Advertisements

10 thoughts on “>Bittersweet

  1. >This looks like a really interesting book… things I've thought a lot about. Thanks for sharing, Megan.There are too many little things I love about Christmas to pick one, honestly. But I think maybe the overarching thing that I love about the season is that it is DIFFERENT! I love the fact that we put so much time and effort into making it special – decorating, shopping, cooking, singing. We take the time to remember, celebrate and enjoy the things that we ought to celebrate continually (if only there was time!). Christ, friends, music, food, trees. Beauty in many shapes and forms.I think God knows that His feeble people need these times. That's why he instituted feasts and times of remembering and celebration for Israel.

  2. >I have a lot of these, many of which I've already used to pollute your comments section. So I'll use a new one. When I was maybe… 8 or 9? My favorite Aunt and cousins came to our house for Christmas and we all got bundled up one night, got in the car and went to drive through one of those parks that put up a ton of light displays. We all piled in the car (most likely a very glamorous minivan), belted out Christmas carols and made each other laugh until it hurt and stared in awe out the windows at the giant displays of snowmen and reindeer. I remember it being magical. Time spent with the people I loved the very most in the world.

  3. >Christmas caroling with the "Canfield side!" Drums and kazoos and clarinets and shaker eggs and a guitar! 12 people crammed in a van, bundled in coats and scarves and mittens. Sitting in each others' laps and in the floorboards, and practicing harmonies on the road. Piling out and singing, "Joy to the World," followed by "Silent Night," followed by "We Wish You a Merry Christmas." Such a precious memory. 🙂

  4. >Going to my grandparnts on Chistmas eve to celebrate and then lying down on the backseat on the way home, just trying to catch a glimpse of Santa in the sky! Years later, when I was pregnant and far from my famly, awakening to a hand made cherry wood cradle in my livig room!

  5. >I have great memories of decorating our tree together as a family and of driving around and looking at Christmas lights. But one of my favorite traditions our family started about 5 years ago was going shopping at Fresh Market (a fun, upscale grocery store). We'd all get to pick out Christmas treats (candy, specialty cheesecake, coffee, etc.) while enjoying the decorations (yes, they decorate beautifully for Christmas) and music.

  6. >Thanks for the review. Sounds like a lovely book. 🙂 Favorite Christmas memories include getting a fresh Christmas tree every year – always in excess of 10 feet tall, waiting with rapt anticipation at the top of the stairs with my siblings in our favorite Christmas PJs for my parents to let us come down on Christmas morning, eating a traditional Christmas breakfast (a feast including cinnamon rolls made in the shape of a wreath and a HUGE citrus fruit salad), and then spending the day enjoying family, friends, food of all sorts, and a roaring fire.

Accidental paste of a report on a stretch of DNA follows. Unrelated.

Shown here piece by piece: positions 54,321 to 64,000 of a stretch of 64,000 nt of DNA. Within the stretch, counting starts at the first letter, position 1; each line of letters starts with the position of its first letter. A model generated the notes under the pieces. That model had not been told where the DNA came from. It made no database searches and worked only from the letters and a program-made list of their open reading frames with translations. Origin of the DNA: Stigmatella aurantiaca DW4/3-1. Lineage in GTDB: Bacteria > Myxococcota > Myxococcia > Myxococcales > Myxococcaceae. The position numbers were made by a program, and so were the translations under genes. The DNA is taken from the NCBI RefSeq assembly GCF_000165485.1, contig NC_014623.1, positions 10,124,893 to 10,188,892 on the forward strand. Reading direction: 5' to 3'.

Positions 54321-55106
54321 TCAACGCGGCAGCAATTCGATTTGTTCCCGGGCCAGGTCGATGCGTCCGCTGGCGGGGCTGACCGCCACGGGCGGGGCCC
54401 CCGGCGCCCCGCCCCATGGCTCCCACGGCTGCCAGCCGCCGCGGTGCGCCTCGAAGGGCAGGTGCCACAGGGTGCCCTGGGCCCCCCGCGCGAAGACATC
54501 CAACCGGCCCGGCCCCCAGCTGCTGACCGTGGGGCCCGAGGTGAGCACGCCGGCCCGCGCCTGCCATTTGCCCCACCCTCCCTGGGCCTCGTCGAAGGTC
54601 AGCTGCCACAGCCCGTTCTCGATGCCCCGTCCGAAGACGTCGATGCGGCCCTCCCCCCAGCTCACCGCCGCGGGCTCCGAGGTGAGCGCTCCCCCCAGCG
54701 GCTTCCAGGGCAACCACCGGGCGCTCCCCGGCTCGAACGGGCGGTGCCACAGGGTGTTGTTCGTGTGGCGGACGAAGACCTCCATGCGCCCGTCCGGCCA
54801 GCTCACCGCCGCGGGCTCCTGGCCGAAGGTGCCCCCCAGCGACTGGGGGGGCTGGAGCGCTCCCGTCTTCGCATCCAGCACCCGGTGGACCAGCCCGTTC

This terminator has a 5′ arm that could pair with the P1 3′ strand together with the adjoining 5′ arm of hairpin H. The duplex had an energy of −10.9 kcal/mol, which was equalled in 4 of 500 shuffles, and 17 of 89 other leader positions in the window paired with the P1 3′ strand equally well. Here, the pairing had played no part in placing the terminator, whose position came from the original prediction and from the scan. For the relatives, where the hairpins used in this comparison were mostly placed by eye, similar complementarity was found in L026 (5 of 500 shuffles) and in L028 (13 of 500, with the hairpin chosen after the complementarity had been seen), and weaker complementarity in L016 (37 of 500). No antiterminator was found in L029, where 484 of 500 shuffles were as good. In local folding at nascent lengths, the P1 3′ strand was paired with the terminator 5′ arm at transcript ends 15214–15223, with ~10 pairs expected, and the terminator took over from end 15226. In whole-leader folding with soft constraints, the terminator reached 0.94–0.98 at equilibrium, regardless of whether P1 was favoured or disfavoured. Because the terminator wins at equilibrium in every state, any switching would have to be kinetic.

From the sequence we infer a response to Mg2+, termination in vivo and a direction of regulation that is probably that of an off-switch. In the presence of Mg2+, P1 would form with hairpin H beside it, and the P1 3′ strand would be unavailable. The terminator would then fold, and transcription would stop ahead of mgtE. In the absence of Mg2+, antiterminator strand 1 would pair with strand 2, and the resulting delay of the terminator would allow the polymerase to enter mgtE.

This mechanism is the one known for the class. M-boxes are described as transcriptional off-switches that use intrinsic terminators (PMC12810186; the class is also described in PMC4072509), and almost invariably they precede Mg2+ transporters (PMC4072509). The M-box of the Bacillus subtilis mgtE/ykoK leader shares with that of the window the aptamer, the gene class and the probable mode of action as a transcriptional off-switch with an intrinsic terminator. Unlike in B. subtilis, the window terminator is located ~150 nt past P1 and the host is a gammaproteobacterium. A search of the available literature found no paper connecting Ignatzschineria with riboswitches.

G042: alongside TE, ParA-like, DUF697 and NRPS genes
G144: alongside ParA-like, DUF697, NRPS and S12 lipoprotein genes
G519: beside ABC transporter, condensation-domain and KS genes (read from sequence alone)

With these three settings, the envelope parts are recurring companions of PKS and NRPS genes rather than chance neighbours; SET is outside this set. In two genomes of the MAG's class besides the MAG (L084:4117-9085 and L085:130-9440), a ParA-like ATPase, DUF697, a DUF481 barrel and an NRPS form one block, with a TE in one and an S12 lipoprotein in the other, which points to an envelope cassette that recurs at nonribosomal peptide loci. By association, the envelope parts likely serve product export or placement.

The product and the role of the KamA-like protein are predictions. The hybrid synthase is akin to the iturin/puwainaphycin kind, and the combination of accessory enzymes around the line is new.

7. >My family was wonderful through the holidays, but the memory that sticks out most was just two years ago. It was when my grandfather (Papa) was dying of gioblastoma(brain tumors). We were lucky enough to have him at the house Christmas Day. He was laying in the back TINY sun room in a hospital bed, while the rest of the family (all 17 of us) opened all of the presents in the living room. He was crying because he could hear the excitement in his grandchildrens voices and the laughter of his kids. We all saved the presents that him and his wife gave us and the presents we gave him and all squished ourselves into the sun room. Some of the kids were sitting in the bed with him, as we all opened the gifts from Nana and Papa, then we watched as Nana and Papa opened their present from all of us. Typing this brings tears to my eyes, but it was a family memory and it was wonderful, because it was the last time our whole family was together before he passed away.

  8. >I think my favorite Christmas memory was just a moment, really. It was the first year my daughter was old enough to participate. One night, in preparation, her daddy bundled her all up in oversized jackets and scarves (although she referred to them as "scerfs") and headed out to the back yard to cut down a small pine tree. When they came inside, still rosy cheeked and bundled, I snapped their picture and the spoils of the hunt. It was a scrappy little thing, but in Lauren's eyes – it was the biggest and most beautiful tree ever. I treasure that memory – the wonder in her eyes, the love in his. And they were my family.

  9. >My favorite Christmas memory is the year we were in Paris for Christmas. We walked down the Champs-Elysees, all lit up and beautiful. It was snowing and in that moment everything seemed perfect and complete.

  10. >My favorite Christmas tradition/memory is doing Kris Kringle. There are 6 kids in my family and we each got a name of another family member. About every day we would secretly go into the room of our Kris Kringle and leave a note, make the bed, or leave candy! It was a fun way to show love!

Leave a Reply

Fill in your details below or click an icon to log in:

WordPress.com Logo

You are commenting using your WordPress.com account. Log Out / Change )

Twitter picture

You are commenting using your Twitter account. Log Out / Change )

Facebook photo

You are commenting using your Facebook account. Log Out / Change )

Google+ photo

You are commenting using your Google+ account. Log Out / Change )

Connecting to %s